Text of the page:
For somebody who emerged singing woozily idealized evocations of ‘90s R&B, Ariana Grande is no naïf. Not quite a year after that first album, her new record My Everything strides coolly into line with current dance-pop, marshaling the man who did as much as anyone to give it spring and shape, and the melodies written by Max Martin et al adhere to her voice like pliant taffy. What hasn’t changed is Grande’s taste in guest artists, by turns canny—booking Iggy Azalea moments before her Jack-Torrance-like breakthrough, booking Nicki Minaj whenever—and insipid.
Now and then, though, she works small miracles with corny MCs: the lead single “Problem” transmutes Big Sean’s laziness into a subtly anticlimactic whisper; Childish Gambino might be beyond help—Donald Glover took that moniker from a Wu-Tang name generator, and I’d rather listen to an algorithm spit out random Ghostface lyrics. He uses “Break Your Heart Right Back” and its ex-cheating-with-another-man premise as an excuse for the wretched punchline, “Yes, I’m a G, from the A, and they ask Y.”
Rather more startling is the song’s sample of “I’m Coming Out,” which strips away its orchestration until little except Nile Rodgers’s percussive guitar line remains, now faintly reminiscent of surf-rock. Never shy about telegraphing how much of a twerp he can be, Glover raps a few lines from “Mo’ Money Mo’ Problems” with Biggie’s flow, invoking the other song that famously borrowed Diana Ross’s disco standard. The secret of that single—aside from “B-I-G, P-O-P-P-A / No info for the DEA / Federal agents mad ‘cause I’m flagrant”—was its unresolved tension between the unbound form and anxious, harried content. It’s not hard to imagine a prisoner humming “I’m Coming Out” on their final walk back into the world, the lyrics drifting restively through the air beyond the walls.
According to Nile Rodgers, but maybe not Diana Ross, the song was always meant to suggest sexual liberation. His memoir Le Freak mentions visiting a gay-friendly club called the Gilded Grape in 1979, as the reactionary backlash against disco intensified: “On a trip to the bathroom, I noticed a number of Diana Ross impersonators lined up on either side of me. I felt like I was in an unscripted La Cage aux Folles number … I shared the anecdote with Bernard [Edwards, his partner in Chic], who agreed that it would be a cool idea to have Diana talk to her gay fans in slightly coded language.” Despite its declarations of emancipation, “I’m Coming Out” went through a fitful, bitterly contested genesis; after hearing the original Chic mixes for Diana, disco made staccato and polysyllabic, Motown executives decided the pair had ventured too far in the “new direction” they envisioned and fired them both. Rodgers proudly notes that the inferior replacement versions went multi-platinum anyway. (Gene Simmons, who was recording next door and also somehow dating Diana Ross, loved the album too.)
He gets more adulation for his production work, for playing rhythm guitar as if ripping the notes from a book, but Rodgers is a slyly ingenious lyricist. “I’m Coming Out” alludes to a history of struggle and purpose without deigning to offer anything so unsophisticated as specifics: “Somehow, I have to make them / Just understand / I got it well in hand / And oh how I’ve planned.” It seductively insinuates the language of gay rights circa 1979 into a broader context, moving backwards through time; “I’m Coming Out” is one of the very few post-rock-and-roll singles to feature a trombone solo. And the ragged first-take quality of the part in question, an artifact left from its severed production history, seems like a charming misstep. It was played by Domenico Menardo, best known for his kitschy Star Wars disco medley—the soundtrack of a movie where the camera turns away from Han Solo as he leaves that sunless cantina, focusing instead on a compound-eyed hustler, about to fuck his way off-world with the help of a closeted Imperial officer. Jean Genet, The Space Pirate’s Journal.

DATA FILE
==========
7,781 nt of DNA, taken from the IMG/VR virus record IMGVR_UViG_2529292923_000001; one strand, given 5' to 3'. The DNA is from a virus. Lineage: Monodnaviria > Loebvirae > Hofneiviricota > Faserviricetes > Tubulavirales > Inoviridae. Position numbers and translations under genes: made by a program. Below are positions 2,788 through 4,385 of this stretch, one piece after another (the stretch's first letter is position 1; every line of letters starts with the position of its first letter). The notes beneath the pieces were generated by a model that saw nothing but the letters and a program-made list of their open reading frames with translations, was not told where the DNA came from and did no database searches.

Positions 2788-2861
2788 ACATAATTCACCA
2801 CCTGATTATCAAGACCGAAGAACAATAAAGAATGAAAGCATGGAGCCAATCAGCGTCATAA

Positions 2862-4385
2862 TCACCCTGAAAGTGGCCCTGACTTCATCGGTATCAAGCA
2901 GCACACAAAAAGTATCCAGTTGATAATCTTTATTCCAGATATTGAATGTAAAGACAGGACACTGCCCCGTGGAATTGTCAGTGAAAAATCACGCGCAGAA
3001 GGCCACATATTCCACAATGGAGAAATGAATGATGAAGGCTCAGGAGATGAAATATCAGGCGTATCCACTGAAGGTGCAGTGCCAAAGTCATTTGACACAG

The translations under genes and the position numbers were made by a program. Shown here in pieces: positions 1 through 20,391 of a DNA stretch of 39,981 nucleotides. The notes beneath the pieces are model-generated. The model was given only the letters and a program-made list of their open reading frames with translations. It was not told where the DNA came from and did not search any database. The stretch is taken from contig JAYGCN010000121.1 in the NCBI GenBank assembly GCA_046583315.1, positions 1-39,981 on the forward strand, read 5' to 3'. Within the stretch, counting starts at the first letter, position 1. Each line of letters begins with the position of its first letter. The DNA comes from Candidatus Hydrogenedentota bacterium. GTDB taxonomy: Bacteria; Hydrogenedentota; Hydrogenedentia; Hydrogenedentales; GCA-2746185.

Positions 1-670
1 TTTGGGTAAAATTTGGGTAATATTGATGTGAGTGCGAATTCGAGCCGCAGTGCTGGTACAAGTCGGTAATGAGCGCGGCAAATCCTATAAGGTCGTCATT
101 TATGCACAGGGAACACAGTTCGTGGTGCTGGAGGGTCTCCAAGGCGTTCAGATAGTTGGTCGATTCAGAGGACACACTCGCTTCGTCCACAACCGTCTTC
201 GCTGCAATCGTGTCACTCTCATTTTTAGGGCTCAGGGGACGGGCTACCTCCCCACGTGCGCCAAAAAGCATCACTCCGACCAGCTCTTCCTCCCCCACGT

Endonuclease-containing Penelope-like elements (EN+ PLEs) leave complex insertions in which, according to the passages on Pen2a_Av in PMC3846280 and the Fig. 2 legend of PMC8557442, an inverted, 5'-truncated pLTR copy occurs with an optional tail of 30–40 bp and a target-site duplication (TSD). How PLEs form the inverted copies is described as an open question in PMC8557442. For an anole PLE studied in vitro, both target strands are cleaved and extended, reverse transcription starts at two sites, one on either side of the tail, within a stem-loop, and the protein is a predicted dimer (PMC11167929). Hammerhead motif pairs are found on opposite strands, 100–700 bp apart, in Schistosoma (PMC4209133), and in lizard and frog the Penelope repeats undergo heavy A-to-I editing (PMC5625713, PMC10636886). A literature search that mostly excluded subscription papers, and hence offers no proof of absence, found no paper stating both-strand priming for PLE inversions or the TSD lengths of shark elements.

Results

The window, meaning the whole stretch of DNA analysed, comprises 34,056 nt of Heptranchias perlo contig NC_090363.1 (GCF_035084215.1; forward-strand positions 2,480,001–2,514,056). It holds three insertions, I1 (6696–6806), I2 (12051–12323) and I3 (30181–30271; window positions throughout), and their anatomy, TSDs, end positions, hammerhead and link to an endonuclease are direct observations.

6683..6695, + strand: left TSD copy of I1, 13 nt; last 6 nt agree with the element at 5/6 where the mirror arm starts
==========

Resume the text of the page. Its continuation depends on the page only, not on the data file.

“I’m Coming Out” has since been covered straight by Amerie and given an explicitly sisterly reading by Keyshia Cole (Iggy Azalea appears there too, in case you hoped to be free of her before 2019), but that first dusting of glitter will never fall from it. “Break Your Heart Right Back” picks up on the association like a hidden weapon. Aside from the Childish Gambino contributions, there’s nothing overt about it—you could easily switch around genders in the lyrics and still make sense of them. But sampling that gay perennial to curse the wayward ex is a flourish of spurned cruelty, the kind of gaping anachronism that Tilda Swinton’s Queen Isabella might seize upon. “I just want to break your heart right back” allows the possibility she couldn’t. It reminds me of Pet Shop Boys’ “Can You Forgive Her?”, where the fecklessly closeted subject gets admonished: “It’s bad enough, she knows how you feel / But she’s not prepared to share you with the memory.” Whatever’s coming out now, it implicates them all.